Did You Know?
The owl that played Hedwig in the Harry Potter series was a snowy owl.
The snowy owl populates regions of Greenland, Iceland, Canada, and the northern parts of USA. Carolus Linnaeus was the first person to classify this large bird. Apart from being the heaviest owl in North America, it is also the official bird of Quebec. It is known by other names such as 'the Arctic Owl' or 'the Great White Owl'. The reason behind this bird's adaptation to the cold temperatures of the Arctic Circle is its splendidly beautiful, white, and thick plumage complemented by its heavily feathered feet. These features help it to survive the extreme cold and develop a perfect camouflage in the 'whites' of its Arctic habitat.
- Phylum: Chordata
- Class: Aves
- Order: Strigiformes
- Family: Strigidae
- Genus: Bubo
- Species: Bubo scandiacus
Generally, the habitat of the snowy owl comprises places of low elevation such as those at 600 feet. However, there are some species that breed in mountains that are at 3,000 feet elevations. To be specific, the habitat consists of regions with low and sparse vegetation―open land usually consisting of peaty soil covered with heather, bracken, and moss, open fields, valley floors, salt and freshwater meadows, lakeshores, marshes, and marine coastlines. This bird is very rarely found in forest areas, spending time perching in trees. It prefers living in holes that have been hollowed out. The regions of the Arctic tundra are known to be its breeding ground. Its habitat is greatly influenced by the distribution of mammals such as lemmings and other small rodents, as they make up for its primary diet. During winter, this bird mostly houses in farming areas with open fields of low stubble, marshes, and dunes.
Taking into account the distribution, this bird nests in the Arctic tundra, in the northern parts of Alaska, Eurasia, and Canada. It also prefers other similar-looking places like coastal dunes and prairie lands. It has been found in South American states of Texas, Georgia, American Gulf states, northern China, and southern Russia.
This bird bears an immaculate white appearance (only the male), with a rounded head, black bill, and brilliantly prominent yellow irises. While the male is virtually a pure-white individual, the female and young ones have a darker appearance with dusky spots. The female owl never attains complete whiteness in her lifetime. As young owls get older, they get whiter, losing their heavy stripes and dark spotting. This bird is between 18 to 20 inches (50 to 70 cm) long. Its wingspan is 49 to 59 inches (120 to 150 cm). It weighs between 3.5 to 6.5 pounds (1.5 to 3 kg). All in all, it's a big bird.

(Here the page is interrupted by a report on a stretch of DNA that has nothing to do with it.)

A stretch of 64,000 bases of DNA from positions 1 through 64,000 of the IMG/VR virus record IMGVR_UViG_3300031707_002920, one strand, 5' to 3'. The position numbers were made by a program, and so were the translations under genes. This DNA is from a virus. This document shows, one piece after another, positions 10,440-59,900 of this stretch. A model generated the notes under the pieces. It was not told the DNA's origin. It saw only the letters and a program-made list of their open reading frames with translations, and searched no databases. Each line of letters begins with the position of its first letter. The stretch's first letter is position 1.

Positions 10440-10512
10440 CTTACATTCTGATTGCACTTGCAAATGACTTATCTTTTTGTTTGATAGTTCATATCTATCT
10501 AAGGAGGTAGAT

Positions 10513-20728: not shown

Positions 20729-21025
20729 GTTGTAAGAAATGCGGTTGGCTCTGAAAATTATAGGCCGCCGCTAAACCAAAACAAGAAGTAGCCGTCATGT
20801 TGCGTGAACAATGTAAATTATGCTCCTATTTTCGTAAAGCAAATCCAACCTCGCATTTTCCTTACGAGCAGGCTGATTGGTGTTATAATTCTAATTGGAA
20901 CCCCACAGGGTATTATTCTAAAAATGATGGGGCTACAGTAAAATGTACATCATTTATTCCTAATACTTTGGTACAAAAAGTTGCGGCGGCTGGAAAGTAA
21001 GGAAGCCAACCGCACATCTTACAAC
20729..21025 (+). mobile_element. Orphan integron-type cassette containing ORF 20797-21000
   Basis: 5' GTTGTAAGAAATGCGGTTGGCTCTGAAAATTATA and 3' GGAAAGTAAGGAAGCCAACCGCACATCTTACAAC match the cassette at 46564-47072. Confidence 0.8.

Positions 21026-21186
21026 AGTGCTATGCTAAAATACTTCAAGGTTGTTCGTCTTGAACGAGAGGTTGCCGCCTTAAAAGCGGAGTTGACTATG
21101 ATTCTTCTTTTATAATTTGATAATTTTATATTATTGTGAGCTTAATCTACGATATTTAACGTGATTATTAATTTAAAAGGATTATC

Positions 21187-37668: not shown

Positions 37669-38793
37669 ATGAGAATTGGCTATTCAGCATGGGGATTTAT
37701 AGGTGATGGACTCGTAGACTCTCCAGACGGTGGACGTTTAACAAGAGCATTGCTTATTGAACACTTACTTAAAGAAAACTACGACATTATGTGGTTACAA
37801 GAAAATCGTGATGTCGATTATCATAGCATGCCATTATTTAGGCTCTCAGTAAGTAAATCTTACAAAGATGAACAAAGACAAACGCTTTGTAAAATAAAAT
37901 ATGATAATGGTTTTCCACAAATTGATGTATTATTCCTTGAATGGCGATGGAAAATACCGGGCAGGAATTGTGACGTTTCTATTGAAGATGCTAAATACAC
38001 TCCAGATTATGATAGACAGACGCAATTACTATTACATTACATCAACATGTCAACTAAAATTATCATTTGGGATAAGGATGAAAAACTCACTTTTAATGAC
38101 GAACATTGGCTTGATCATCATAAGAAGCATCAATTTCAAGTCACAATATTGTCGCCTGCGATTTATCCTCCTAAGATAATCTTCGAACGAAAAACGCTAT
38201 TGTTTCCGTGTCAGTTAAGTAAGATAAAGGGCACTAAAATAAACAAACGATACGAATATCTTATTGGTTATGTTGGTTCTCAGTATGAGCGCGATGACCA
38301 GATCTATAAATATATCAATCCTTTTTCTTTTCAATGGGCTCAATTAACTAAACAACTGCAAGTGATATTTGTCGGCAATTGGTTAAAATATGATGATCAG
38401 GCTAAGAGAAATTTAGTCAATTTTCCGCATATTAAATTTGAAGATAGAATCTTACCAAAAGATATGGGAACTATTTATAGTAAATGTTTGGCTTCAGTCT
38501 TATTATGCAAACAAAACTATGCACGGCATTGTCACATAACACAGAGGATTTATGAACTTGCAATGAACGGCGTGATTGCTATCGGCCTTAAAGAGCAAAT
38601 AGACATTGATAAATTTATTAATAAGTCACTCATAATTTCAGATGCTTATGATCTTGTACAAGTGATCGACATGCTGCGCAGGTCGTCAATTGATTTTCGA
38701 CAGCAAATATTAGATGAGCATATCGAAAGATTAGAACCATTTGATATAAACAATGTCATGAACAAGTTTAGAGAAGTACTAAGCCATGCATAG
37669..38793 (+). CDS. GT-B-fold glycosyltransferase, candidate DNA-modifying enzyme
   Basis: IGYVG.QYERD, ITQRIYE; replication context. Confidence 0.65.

The snowy owl is a very patient hunter, and it can sit in one place for hours. Gifted with great hearing and a keen eyesight, it is known to be an efficient and opportunistic hunter. It is not difficult for it to track down its prey, which might be barely visible under thick vegetation or snow cover. Before soaring off in pursuit, the bird waits patiently and identifies its potential prey. Once the prey comes within the proper range, it lays its attack with its sharp-hooked talons. This is a diurnal bird, which means that it hunts both during the day and at night.
Although the snowy owl's diet primarily consists of lemmings and other rodents, it also feeds on voles, deer mice, birds, fish, amphibians, crustaceans, and insects. Its hunting is not restricted only to small preys. It has also been known to prey upon hares, muskrats, marmots, squirrels, rabbits, prairie dogs, rats, moles, and birds like shorebirds, ring-necked pheasants, grouse, American coots, grebes, etc.
Studies show that this bird's food requirement consists of 7-12 mice per day. Its consumption of lemmings per year totals up to 1,600 on an average per bird. This bird is known to swallow its prey whole and regurgitate the undigested parts like bones and fur in the form of pellets.
It breeds on the Arctic Tundra. The male is said to choose the nesting territory, while the female is said to choose the nest sight. The female lays a clutch of eggs that can number from 3 to 11. The eggs are white in color and about 2 inches tall. The incubation period is 32 days, whereas the period for nestling is 20 to 25 days. When born, the hatchlings are wet and their eyes are closed. They dry within a few hours and look like small white balls of fur. Their eyes usually open by day 5. The parents are known to ferociously defend the nests from various predators, even big ones such as foxes.
The snowy owl does not have many predators. However, during the nesting season, when it has to nest on the ground by building a scrape on top of a boulder, it has to encounter arctic foxes, dogs, wolves, and many avian predators. Human activities are perhaps the greatest threat to the survival of this bird. However, it is protected under the Canadian provincial and territorial regulations, which have ruled out activities that involve its hunting and killing.